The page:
If you have ever been to a potluck, school cafeteria, church social, or any gathering of many people, it’s likely you have seen or tasted a “Johnny Marzetti.” This iconic American casserole, or hot dish, if you prefer, has been a staple on tables from coast to coast for decades. But who exactly was Johnny Marzetti? Let’s start at the beginning, way back to 1896.
The Johnny Marzetti hot dish originated in Columbus, Ohio by Teresa Marzetti, Johnny’s sister-in-law, for the family’s namesake restaurant. Her baked casserole consisting of ground beef, onions, cheese, tomato sauce, and noodles, became a big hit with the public and also with students from nearby Ohio State University, and came to be known forever as simply, “Johnny Marzetti.” People used to say, let’s go have a Johnny Marzetti, just as we say, let’s go get a pizza!
By the 1920’s, the casserole had become very popular across Ohio and the Midwest, then quickly spread across the country. The original restaurant closed in 1942, but a second location remained in operation until Teresa’s death in 1972. Marzetti’s later became known for its salad dressings, which are still produced today and can be found in the refrigerated sections in the produce areas of grocery stores under the label T. Marzetti.
What is interesting is how the name of the casserole changed slightly, depending on where you happened to find the recipe. It is usually written the correct way, Johnny Marzetti, but sometimes was called Johnny Mazetti, leaving out the “R.” This was especially true in the Panama Canal Zone, where the casserole was served at U.S. Army commissaries, except they added olives.
Fast forward to the present when one of my local friends Jody knocked on my door holding a bag of church cookbooks she had bought at a book sale in Iowa. I was thrilled as I love church and community cookbooks, filled with recipes with a local flair or old family recipes. Sure enough, I found a couple Johnny Marzetti recipes, but one stood out. It was just called “John M.” but I knew it meant Marzetti as it contained all the original ingredients.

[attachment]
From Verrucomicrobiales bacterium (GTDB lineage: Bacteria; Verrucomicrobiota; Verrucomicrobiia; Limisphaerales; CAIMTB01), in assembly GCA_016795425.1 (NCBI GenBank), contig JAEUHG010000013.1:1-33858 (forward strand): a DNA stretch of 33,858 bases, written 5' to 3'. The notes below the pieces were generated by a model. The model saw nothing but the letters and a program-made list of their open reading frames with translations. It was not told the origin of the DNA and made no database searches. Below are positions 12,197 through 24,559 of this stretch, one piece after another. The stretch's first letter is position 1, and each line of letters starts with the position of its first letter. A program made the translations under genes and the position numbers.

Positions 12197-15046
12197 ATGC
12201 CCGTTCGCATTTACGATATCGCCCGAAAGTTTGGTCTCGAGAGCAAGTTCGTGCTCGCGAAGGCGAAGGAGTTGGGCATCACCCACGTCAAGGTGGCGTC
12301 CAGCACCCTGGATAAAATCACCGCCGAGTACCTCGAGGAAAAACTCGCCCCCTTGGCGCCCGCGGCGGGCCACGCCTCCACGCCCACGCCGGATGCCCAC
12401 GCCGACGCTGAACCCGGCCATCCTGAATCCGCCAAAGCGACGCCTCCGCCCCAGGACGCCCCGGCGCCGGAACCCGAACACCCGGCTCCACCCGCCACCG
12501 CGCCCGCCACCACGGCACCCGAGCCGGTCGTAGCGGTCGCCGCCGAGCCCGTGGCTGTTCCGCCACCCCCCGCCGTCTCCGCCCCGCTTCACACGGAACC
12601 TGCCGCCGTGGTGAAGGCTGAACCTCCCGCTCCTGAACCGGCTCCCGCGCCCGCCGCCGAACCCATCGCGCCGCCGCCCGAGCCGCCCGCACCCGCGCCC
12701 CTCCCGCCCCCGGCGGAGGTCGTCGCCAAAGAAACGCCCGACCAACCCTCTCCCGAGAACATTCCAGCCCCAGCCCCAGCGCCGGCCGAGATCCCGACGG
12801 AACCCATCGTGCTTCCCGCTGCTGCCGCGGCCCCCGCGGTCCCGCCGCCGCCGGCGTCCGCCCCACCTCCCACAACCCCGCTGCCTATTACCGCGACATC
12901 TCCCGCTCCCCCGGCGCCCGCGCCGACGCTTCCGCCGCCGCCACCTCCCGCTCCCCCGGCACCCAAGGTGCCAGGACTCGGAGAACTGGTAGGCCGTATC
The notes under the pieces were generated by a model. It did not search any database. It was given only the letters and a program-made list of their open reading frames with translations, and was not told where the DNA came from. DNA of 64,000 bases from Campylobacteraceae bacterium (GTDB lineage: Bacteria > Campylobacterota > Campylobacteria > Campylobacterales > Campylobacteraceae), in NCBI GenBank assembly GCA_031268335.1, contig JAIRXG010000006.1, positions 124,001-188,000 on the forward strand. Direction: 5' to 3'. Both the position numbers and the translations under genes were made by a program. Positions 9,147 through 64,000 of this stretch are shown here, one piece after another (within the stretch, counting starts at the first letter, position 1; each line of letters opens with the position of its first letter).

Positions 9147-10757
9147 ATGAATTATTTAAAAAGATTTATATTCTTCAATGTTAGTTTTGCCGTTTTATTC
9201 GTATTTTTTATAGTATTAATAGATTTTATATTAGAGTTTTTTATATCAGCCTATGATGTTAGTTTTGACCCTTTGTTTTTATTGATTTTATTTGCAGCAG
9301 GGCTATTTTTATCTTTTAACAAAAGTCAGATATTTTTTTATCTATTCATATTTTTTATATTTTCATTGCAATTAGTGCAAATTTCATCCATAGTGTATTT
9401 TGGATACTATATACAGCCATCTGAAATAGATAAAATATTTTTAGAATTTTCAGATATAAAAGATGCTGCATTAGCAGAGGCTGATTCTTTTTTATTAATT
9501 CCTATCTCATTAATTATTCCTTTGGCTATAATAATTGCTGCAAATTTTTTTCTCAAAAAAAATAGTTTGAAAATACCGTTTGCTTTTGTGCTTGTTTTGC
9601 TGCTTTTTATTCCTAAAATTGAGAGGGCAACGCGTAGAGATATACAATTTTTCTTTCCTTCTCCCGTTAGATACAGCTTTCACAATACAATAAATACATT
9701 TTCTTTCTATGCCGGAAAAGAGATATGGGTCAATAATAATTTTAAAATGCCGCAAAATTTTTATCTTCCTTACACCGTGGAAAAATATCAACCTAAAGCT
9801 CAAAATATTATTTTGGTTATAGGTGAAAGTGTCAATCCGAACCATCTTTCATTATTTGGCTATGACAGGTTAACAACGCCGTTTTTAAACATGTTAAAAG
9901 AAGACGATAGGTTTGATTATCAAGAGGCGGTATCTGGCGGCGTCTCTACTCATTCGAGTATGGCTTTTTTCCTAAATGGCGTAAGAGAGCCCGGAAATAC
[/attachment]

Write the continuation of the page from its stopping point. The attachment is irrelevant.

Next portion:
All the church and community cookbooks from Jody.
As I mentioned, there are many versions of the original Johnny Marzetti, some changed a little with time and what was available, to the addition or subtraction of a few vegetables, to the type of meat.
One of the cookbooks from Jody was dated 1957. Around that time and into the 1960’s, Campbell’s canned tomato soup was very popular, and found itself an ingredient in cakes, salads, sauces, and of course, casseroles, as in the church cookbook, instead of tomato sauce. Most of the time, you will find that the meat used is ground beef or Italian sausage, but in this case, it was ground pork. My guess is that’s because it’s an Iowa cookbook, and Iowa is a big pork-producing state.
The casserole is a crowd-pleaser, easy to make, and kids seem to love it. Google Johnny Marzetti and pick your favorite version and choice of meat or vegetables. No matter what, you will be enjoying a dish that originated from Teresa, an Italian immigrant who wanted to please her guests at the restaurant. I love old stories like that. So here is a question for you – If you were going to develop a dish with your own name attached to it, what would it be? Many people became very famous using their names on food products, like Duncan Hines, Sara Lee, Pillsbury, Marie Callender, and more. Who knows – your namesake dish could become the next iconic American culinary invention!
- Olive oil for greasing casserole dish
- 12 ounces egg noodles
- 2 Tablespoons vegetable oil (I used olive oil)
- 1 pound ground pork
- ¾ cup diced green bell pepper
- ½ cup diced onion
- 1 teaspoon table salt
- ½ teaspoon ground black pepper
- 1 can (10-3/4 ounces) condensed tomato soup
- 1 cup water
- 2 cups freshly grated cheddar cheese, divided (grating it yourself tastes so much better and melts better than the pre-shredded)
- Heat oven to 350 degrees. Lightly oil a casserole dish (about 2 quarts); set aside.
- Prepare noodles in boiling salted water as directed on package; drain.
- Meanwhile in a large skillet or Dutch oven, heat the 2 Tablespoons olive oil. Add the ground pork, and cook, breaking up into pieces. When the pink starts to disappear, add the green pepper, onion, salt, and pepper. Cook and stir until vegetables begin to soften.
- Stir in the soup and water to combine.
- Remove from heat and stir in the cooked noodles and 1 cup of the shredded cheese, Mix well, then spoon into prepared casserole dish. Sprinkle top with remaining 1 cup shredded cheese.
- Bake, uncovered, for 30 minutes, or until hot and bubbly on the edges. Serve immediately.